A colleague once asked me, “What do you aspire to become?” To acquaint you with the background – We both are copywriters and this query was about my ‘big dream’, owing to my leaning towards making short film, writing short stories and poetry. My instant reply was: ‘A storyteller’.
This confident response to a causal query stems from the realization one had while reading the final chapter of Piyush Pandey’s ‘unputdownable’ book, ‘Pandeymonium’. The chapter in question is called, ‘the future of advertising: Boom time for storytellers’.
Pandeymonium made me realize that being a copywriter and a storyteller means the same. So there isn’t actually an elusive ‘big dream’ one needs to pursue. Advertising has always been about telling stories, and in the same breath, selling concepts.
The last chapter of Pandeymonium is so inspiring that I wished the author had begun the book with it. But then, it wouldn’t have made sense because each chapter eventually leads to this nirvana. “Engaging audience through great stories, albeit with the use of new technologies” writes Piyush Pandey, cuing about the new media world i.e. digital platform, where duration is history.
The book’s chapter titles in themselves are worth pinning up on the soft-board of your office. Sample these: ‘Don’t forget the child in you’, ‘Select your sounding boards’, ‘A captain is only as good as the team’, ‘Don’t forget where you came from’, ‘Look back at life, there are stories hidden there’, ‘Failure isn’t really a bad thing’, to list a (phew!)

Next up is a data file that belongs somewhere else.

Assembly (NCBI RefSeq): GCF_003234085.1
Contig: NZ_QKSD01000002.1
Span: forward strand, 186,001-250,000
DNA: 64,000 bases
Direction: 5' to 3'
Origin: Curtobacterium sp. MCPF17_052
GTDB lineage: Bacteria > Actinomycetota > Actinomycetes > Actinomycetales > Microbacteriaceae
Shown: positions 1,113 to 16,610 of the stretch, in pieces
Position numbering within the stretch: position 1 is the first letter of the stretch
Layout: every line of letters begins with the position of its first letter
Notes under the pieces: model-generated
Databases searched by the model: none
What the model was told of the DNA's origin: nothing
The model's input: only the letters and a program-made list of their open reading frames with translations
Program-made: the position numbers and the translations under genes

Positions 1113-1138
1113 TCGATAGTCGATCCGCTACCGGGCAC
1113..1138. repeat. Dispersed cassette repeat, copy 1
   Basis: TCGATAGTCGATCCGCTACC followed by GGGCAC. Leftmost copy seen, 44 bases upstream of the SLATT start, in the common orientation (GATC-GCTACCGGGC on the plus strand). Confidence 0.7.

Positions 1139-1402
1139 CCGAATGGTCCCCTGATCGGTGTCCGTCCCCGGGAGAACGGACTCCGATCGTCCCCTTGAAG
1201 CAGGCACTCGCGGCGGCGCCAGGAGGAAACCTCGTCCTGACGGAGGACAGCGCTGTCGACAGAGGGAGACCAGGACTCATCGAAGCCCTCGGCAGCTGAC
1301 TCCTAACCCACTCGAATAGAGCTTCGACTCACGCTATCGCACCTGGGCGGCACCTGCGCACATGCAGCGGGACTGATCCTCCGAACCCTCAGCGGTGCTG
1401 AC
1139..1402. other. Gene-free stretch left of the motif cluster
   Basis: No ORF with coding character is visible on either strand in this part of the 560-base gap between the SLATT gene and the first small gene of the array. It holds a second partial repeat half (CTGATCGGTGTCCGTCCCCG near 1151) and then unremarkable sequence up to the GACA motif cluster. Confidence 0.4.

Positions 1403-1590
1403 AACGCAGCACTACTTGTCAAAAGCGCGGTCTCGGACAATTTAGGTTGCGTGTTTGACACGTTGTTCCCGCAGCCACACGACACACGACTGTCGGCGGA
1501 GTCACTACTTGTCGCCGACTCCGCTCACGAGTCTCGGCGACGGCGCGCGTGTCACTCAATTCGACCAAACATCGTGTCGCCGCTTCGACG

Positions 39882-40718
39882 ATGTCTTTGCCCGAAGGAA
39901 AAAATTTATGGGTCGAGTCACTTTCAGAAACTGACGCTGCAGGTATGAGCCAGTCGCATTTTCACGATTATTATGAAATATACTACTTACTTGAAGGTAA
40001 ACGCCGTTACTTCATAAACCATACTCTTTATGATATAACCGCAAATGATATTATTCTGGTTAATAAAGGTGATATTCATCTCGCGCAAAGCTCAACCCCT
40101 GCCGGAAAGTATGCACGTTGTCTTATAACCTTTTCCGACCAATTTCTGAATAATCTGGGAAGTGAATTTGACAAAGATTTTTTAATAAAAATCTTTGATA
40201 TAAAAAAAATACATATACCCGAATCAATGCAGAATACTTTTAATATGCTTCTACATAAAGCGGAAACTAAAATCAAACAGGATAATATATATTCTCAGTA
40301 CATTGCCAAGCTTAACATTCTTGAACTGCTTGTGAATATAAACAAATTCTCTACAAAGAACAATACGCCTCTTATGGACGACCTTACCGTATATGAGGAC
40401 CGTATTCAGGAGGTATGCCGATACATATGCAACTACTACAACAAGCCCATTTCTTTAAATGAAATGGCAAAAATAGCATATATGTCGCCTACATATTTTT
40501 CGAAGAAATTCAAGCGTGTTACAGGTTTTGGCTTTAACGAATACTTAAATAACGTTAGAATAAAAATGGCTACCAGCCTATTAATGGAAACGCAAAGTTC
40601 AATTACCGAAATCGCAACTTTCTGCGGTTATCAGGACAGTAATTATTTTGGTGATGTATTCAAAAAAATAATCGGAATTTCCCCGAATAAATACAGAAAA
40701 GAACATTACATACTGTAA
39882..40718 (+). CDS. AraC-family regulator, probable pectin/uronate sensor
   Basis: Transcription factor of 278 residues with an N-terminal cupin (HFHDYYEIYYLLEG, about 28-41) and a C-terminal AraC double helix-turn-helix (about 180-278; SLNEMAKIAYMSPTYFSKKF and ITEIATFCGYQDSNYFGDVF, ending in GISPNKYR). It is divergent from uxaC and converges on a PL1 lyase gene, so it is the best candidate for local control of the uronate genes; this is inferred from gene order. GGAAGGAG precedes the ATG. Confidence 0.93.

The book chronicles an inspiring journey of a tea taster to the executive chairman and creative director for Ogilvy & Mather India and South Asia, winner of over 800 awards for advertising, and the only Indian to get the Lifetime Achievement Award at the CLIO Awards, New York.
Despite such achievements, Piyush Pandey comes across as a down to earth man from Rajasthan, with no air of ‘Look I have done it’ or whiff of chopping down the rest. Instead, he goes on to credit every person who made this journey possible, at the risk of making the book sound like some mandatory obligation of the company. As a reader and an advertising professional, you’re more than willing to oversee them and pick up the nuggets hidden between those 244 pages.
A digression here.
I used to work at Barista before becoming a copywriter. During my training, the Store Manager used to repeat one line that always stayed with me: “We’re not here to sell coffee, but a concept.”
Years later, after being copywriter for almost a decade, the same line still makes sense while writing copy: We’re not writing to sell product, but a concept. Having read Piyush Pandey’s book, it has now evolved into: We’re not writing to sell product, but tell a story. Thank you Mr. Piyush Pandey for helping a copywriter rediscover the ‘storyteller’ in him.